The bottom line — or one of them — is that not much has changed. No one new dropped out, which helps Trump by keeping his opposition divided heading into the big Fox News debate in Detroit Thursday evening.

What we do know for sure now is that the GOP is split by deep fissures heading into peak primary season. Rubio and Cruz think the other should drop out.

Kasich, who’s been getting in the 4%-5% range, called on the others to quit and declared: “We have absolutely exceeded expectations.”

The governor is holding on to very little except the prayer that lightning will give him a victory back home in Ohio on March 15 and, who knows, maybe some VP consideration from Trump as a reward for denying Cruz and Rubio enough votes to catch the billionaire.

Trump had a good night, although he under-performed his polling heading into the biggest voting day of this cycle so far. That and Rubio’s late surge to second in Virginia could be a sign the Florida senator’s mocking attacks are having some impact.

Rubio declared Tuesday evening: “Donald Trump will never be the nominee of the Republican Party. We are not going to turn over the party of Lincoln and Reagan to a con man.” He called Trump “a creature of the media, the same media that’s going to tear him to shreds if he ever becomes our nominee.”

Does anyone remember Ronald Reagan’s 11th Commandment?

The article from The Hill points out that the precinct that includes Liberty University did not follow the lead of Jerry Falwell Jr., the school’s president, and vote for Donald Trump. The total’s from that precinct are as follows: Sen. Marco Rubio (R-Fla.) took first with 44 percent support in Liberty’s precinct and 513 votes, followed by Sen. Ted Cruz (R-Texas) at 33 percent, Ben Carson at 14 percent and Trump at 8 percent.

The article at The Federalist made a number of observations. The first observation is that Trump underperformed:

He lost Texas to Cruz, as expected. But he lost it bigly — some 17 points. He also lost Oklahoma to Cruz. And then Cruz went ahead and won Alaska to boot. Minnesota went for Marco Rubio, his first state victory. Trump also underperformed in other states, such as Virginia. The Real Clear Politics average of polls headed into the contest was near 15 points. He won by 2.8% over Rubio. That meant Trump got 17 delegates to Rubio’s 16. His wins in Vermont and Arkansas were by similarly small margins.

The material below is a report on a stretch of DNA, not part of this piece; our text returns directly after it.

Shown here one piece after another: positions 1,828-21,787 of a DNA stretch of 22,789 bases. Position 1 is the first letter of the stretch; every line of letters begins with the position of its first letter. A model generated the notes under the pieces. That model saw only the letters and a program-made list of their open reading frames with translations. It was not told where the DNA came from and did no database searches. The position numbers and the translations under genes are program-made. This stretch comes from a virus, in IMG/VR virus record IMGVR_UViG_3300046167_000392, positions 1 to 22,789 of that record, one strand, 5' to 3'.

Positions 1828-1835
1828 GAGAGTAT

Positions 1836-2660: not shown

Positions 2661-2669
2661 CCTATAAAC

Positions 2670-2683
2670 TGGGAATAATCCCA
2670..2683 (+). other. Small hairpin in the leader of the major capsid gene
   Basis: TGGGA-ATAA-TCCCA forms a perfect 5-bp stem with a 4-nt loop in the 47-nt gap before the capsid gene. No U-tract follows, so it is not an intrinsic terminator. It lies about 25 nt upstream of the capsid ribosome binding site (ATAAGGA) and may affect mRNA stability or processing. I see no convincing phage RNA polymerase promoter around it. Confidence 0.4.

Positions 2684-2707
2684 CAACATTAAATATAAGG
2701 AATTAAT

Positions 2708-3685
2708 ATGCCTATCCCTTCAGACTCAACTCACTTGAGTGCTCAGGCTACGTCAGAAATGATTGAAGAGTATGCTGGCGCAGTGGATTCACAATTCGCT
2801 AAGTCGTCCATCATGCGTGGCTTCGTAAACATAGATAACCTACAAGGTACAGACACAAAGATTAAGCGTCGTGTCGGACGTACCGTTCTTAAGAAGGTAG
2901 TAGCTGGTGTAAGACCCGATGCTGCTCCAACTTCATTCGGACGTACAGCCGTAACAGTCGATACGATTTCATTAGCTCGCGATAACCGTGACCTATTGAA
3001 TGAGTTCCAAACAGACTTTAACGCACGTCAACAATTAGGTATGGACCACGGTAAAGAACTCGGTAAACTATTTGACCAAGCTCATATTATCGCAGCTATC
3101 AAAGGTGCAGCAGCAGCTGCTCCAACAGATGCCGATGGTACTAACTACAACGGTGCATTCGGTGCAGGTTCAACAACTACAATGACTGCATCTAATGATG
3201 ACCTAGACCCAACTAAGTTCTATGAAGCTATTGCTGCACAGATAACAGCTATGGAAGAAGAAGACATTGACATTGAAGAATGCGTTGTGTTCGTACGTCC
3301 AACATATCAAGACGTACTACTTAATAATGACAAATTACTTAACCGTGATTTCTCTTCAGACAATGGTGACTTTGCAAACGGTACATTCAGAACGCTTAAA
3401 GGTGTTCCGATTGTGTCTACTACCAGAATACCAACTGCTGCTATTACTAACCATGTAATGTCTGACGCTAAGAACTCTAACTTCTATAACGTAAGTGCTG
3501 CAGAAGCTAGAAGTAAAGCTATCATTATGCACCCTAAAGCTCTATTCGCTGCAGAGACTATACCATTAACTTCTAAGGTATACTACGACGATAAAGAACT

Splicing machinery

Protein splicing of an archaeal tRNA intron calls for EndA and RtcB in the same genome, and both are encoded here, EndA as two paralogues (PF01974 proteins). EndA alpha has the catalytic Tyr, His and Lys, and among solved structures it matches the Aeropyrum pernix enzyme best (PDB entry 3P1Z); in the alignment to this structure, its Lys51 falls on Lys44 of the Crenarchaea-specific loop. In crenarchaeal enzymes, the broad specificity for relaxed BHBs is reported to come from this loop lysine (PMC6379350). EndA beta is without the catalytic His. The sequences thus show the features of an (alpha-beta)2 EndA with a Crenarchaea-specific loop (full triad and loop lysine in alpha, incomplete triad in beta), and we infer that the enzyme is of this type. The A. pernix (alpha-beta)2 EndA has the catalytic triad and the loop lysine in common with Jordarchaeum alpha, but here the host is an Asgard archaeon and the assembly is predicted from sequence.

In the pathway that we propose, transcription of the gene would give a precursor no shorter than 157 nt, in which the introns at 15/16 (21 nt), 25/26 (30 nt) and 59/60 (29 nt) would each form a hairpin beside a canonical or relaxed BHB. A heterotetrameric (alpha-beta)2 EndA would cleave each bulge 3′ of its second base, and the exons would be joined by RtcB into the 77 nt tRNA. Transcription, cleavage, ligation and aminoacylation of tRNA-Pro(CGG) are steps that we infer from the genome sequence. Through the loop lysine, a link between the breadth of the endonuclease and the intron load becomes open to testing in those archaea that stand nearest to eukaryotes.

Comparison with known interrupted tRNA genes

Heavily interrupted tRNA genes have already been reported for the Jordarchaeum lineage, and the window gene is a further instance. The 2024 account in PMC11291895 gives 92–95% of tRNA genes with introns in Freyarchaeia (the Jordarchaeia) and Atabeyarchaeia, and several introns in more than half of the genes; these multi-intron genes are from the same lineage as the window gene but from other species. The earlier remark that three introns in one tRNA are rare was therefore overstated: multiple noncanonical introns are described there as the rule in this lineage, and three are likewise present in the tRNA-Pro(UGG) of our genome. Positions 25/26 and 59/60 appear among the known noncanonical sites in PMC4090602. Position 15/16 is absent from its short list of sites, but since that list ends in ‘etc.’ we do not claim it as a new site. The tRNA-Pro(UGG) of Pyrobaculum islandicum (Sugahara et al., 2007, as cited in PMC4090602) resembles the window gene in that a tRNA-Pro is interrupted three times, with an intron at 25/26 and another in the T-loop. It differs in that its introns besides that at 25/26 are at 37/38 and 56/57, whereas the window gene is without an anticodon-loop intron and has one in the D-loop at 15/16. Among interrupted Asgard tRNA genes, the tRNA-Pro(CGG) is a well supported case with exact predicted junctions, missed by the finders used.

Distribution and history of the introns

The difference between the Republican and Democratic voter turnout is dramatic:

These Tuesday contests continued a pattern of record-breaking turnout for Republican primary voters and decreased turnout for Democratic voters (Colorado saw more Democratic voters than they had in 2008). Only Vermont didn’t have record-breaking turnout for its Republican primary, and it was still way up over the last contest. Many of the states whose contests were held on Super Tuesday hold open primaries, which means traditionally Democratic voters could be crossing over to vote for Trump or another candidate. No matter the cause, the excitement of both Trump voters and those seeking to stop him is palpable and contributing to the voter turnout.

One wonders if this is Democrats crossing over because they feel Trump cannot beat Hillary Clinton or if it is enthusiastic Trump supporters. At this point I have no idea.

The article at The Federalist also states:

And while Cruz has previously shown much strength, many of the upcoming primaries are in states with demographics more like Minnesota than Texas or Oklahoma. Cruz and Rubio have shown strength in states with closed primaries, where Democrats can’t switch over to vote for Trump.

Trump is dominating and on path to the nomination. No one else has a good path, except if they all keep fighting to keep Trump from getting the delegates he needs. Expect much more discussion about whether people need to get out or stay in.

The question for those who would like to see a Republican president elected in November is simple, “Will the Democrats who are voting for Trump in the primary elections vote for him in November?” I honestly do not know the answer to that question, but I suggest that the people running the Republican presidential campaigns find that answer quickly.